What might we ask a potential mind born of silicon? How the AI responds to questions like “What if my red is your blue?” or “Could there be a color greener than green?” should tell us a lot about its mental experiences, or lack thereof. An AI with visual experience might entertain the possibilities suggested by these questions, perhaps replying, “Yes, and I sometimes wonder if there might also exist a color that mixes the redness of red with the coolness of blue.” On the other hand, an AI lacking any visual qualia might respond with, “That is impossible, red, green, and blue each exist as different wavelengths.” Even if the AI attempts to play along or deceive us, answers like, “Interesting, and what if my red is your hamburger?” would show that it missed the point.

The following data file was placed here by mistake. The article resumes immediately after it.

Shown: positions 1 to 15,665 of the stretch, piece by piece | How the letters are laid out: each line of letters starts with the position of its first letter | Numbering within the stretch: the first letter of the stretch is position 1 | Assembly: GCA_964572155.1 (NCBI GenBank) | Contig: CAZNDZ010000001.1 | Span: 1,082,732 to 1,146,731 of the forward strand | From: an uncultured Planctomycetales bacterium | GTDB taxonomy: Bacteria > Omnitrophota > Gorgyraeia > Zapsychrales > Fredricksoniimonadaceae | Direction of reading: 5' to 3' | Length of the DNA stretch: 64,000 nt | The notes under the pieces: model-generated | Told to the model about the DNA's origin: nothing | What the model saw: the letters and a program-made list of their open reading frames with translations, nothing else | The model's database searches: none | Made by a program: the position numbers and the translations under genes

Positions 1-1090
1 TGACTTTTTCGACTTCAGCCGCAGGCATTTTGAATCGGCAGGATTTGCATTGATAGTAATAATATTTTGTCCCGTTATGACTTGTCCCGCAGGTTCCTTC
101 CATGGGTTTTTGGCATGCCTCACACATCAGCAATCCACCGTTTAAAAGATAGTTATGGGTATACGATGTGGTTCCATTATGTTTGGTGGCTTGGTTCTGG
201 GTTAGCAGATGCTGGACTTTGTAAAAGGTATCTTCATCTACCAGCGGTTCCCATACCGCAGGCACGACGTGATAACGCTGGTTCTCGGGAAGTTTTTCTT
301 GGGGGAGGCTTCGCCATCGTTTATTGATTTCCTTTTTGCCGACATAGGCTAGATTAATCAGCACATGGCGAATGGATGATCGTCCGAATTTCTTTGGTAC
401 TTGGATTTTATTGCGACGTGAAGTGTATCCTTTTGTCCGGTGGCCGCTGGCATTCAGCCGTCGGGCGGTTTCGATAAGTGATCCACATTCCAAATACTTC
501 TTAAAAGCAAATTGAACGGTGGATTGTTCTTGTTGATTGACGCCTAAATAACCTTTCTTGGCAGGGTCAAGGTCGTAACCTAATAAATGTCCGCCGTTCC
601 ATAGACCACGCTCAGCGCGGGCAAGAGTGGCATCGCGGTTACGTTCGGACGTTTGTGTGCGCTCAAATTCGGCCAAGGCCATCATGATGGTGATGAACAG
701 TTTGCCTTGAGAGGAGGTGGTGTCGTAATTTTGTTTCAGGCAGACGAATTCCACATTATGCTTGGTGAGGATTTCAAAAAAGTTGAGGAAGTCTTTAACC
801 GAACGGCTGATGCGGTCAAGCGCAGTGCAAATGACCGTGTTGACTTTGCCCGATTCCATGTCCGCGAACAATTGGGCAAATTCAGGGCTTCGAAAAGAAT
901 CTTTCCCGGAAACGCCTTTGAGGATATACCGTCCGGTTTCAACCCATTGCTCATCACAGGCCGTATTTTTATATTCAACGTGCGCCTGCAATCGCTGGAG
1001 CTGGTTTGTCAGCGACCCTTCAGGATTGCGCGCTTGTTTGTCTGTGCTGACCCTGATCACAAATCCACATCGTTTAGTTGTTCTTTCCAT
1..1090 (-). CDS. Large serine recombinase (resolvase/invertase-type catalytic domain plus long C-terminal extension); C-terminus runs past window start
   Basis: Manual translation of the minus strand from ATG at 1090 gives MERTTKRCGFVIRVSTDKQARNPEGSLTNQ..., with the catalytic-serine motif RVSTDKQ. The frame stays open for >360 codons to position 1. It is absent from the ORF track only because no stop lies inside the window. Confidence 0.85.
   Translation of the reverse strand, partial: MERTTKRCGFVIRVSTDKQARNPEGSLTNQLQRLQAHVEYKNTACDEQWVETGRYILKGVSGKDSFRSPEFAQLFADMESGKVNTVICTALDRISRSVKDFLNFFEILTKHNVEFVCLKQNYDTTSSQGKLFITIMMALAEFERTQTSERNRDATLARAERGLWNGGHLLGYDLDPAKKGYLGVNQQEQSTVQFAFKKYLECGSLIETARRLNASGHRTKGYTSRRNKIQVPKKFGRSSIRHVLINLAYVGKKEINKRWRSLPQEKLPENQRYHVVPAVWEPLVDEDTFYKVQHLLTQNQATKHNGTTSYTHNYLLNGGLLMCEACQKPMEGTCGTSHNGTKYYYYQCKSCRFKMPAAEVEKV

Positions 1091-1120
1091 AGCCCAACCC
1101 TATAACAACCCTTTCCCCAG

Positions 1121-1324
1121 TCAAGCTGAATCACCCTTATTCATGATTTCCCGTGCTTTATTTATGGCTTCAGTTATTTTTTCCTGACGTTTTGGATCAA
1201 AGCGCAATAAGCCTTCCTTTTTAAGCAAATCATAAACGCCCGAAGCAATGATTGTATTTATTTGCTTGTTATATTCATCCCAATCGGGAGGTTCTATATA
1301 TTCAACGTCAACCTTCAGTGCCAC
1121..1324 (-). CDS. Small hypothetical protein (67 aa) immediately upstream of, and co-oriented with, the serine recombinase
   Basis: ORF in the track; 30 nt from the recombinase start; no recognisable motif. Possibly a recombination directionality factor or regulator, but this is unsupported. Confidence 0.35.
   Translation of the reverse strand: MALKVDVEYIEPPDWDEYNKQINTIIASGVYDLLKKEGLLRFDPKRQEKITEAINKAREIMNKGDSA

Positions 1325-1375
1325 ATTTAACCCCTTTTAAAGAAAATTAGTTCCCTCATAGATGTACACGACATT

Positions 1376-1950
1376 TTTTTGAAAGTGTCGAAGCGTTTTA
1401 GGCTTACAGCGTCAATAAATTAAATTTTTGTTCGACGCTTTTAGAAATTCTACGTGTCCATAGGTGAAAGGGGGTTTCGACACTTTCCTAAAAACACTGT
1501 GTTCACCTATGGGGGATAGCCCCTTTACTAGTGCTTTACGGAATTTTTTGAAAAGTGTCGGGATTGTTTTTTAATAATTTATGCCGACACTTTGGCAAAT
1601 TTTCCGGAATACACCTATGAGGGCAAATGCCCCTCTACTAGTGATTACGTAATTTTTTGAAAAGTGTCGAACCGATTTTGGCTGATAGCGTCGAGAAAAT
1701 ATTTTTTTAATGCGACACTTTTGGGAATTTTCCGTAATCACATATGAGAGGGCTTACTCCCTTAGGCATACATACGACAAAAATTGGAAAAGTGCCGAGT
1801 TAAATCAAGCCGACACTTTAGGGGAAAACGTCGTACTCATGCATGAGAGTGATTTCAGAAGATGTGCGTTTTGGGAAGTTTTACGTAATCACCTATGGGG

Of course, it’s possible that an artificial consciousness might possess qualia vastly different than our own. In this scenario, questions about specific qualia, such as color qualia, might not click with the AI. But more abstract questions about qualia themselves should filter out zombies. For this reason, the best question of all would likely be that of the hard problem itself: Why does consciousness even exist? Why do you experience qualia while processing input from the world around you? If this question makes any sense to the AI, then we’ve likely found artificial consciousness. But if the AI clearly doesn’t understand concepts such as “consciousness” and “qualia,” then evidence for an inner mental life is lacking.